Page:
Tuesday, February 21, 2006
Men’s Bible Study on Mark 7
I took this picture last week in Colorado, after studying this passage a bit it has new meaning to me:) Through Christ Dogs (Gentiles) are welcome in Le Grand Hotel (the kingdom of heaven).
Here’s something to think about in preparation for Mark 7 this week. There are a few difficulties in understanding the following passage. Below I’ve written a summary of William Barclay’s commentary that might shed some light on this a little. It certainly helped me.
And from there he arose and went away to the region of Tyre and Sidon.
And he entered a house and did not want anyone to know, yet he could not be hidden.
But immediately a woman whose little daughter was possessed by an unclean spirit heard of him and came and fell down at his feet.
Now the woman was a Gentile, a Syrophoenician by birth. And she begged him to cast the demon out of her daughter.
And he said to her, "Let the children be fed first, for it is not right to take the children's bread and throw it to the dogs."
But she answered him, "Yes, Lord; yet even the dogs under the table eat the children's crumbs."
And he said to her, "For this statement you may go your way; the demon has left your daughter."
And she went home and found the child lying in bed and the demon gone. (ESV)
(Pp. 181-182 Barclay, William. 1956. The Gospel of Mark: Daily Study Bible. Philadelphia, Pennsylvania. The Westminster Press.)
Summary of what William Barclay's commentary (on the passage) had to say:
(1) Dog is a derogatory word for non-Jews. (Isaiah 56:11; Matthew 7:6; Philippians 3:2; and Revelation 22:15) (KJV)
(2) Jesus used a diminutive word (affectionate Greek word). Jesus took the sting out of the word (but it was still a derogatory comment).
(3) By using a diminutive word he took a “deadly insult” and made it an affectionate address. (Again, He took the sting out of the word).
(4) People in those days wiped their soiled hands on bread and “flung” the bread away and the house-dogs ate it. Symbolically Jesus (the soiled, disregarded bread) was thrown to the Dogs (Gentiles) from the Jews. In Barclay’s words, “Symbolically she strands for the Gentile world which so eagerly seized on the bread of heaven which the Jews had rejected and thrown away.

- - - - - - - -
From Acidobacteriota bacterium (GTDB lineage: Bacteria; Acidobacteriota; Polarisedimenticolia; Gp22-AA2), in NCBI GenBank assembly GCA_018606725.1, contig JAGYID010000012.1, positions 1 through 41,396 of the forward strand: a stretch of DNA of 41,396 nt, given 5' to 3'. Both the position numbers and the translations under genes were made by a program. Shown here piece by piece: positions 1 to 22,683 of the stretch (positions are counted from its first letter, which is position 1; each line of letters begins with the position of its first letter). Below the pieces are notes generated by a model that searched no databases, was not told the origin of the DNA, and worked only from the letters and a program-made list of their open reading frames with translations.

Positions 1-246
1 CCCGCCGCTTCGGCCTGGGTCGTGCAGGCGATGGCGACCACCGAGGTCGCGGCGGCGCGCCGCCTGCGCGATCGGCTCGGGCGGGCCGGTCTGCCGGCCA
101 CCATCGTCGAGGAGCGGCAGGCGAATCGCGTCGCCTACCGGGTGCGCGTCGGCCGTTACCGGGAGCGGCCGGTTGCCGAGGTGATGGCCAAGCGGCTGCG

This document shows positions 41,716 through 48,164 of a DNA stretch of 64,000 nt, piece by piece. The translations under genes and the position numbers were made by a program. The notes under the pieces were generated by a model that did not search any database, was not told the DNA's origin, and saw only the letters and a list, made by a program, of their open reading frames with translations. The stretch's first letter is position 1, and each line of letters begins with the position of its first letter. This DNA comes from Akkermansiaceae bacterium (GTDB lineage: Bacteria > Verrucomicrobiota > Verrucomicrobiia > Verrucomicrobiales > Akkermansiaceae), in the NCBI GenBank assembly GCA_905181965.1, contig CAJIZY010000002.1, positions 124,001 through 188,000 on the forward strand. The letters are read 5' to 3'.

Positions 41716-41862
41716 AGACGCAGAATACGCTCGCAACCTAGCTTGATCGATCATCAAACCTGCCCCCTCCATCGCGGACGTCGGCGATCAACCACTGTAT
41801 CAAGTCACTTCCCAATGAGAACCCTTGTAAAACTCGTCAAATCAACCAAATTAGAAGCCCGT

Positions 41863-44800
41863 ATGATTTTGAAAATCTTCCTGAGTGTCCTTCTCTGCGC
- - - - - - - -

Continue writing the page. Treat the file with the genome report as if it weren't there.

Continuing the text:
What I saw in the passage after reading the commentary
The main thing that I can see from this is that Jesus was in fact using a derogatory address to the woman (not to mention all Gentiles). Even though some of the sting was taken out of the phrase it was still a derogatory comment. This is a description that, no doubt, many Gentiles warranted (and in many respects still do…starting with me). However, the real derogatory descriptor is the way Christ describes Himself. If calling people dogs was an insult; how much more of an insult was it to call Himself the filthy bread that the dogs ate? Our Lord always amazes me how He always brings Himself low, to His glory, so that we might be able to savour Him, the bread of life. Let us meditate on this as another aspect of the Lord’s supper. When we partake of the supper let us think of this: (1) we are dogs and (2) a holy, perfect, beautiful, triune God made His Son the filthy scraps of bread that we might take part in communion with Him. Through this "bread of life" we can enjoy Him, to His glory, for eternity. Hope this helps guys, I know it helped me.
Feel free to share any thoughts or corrections that you might have.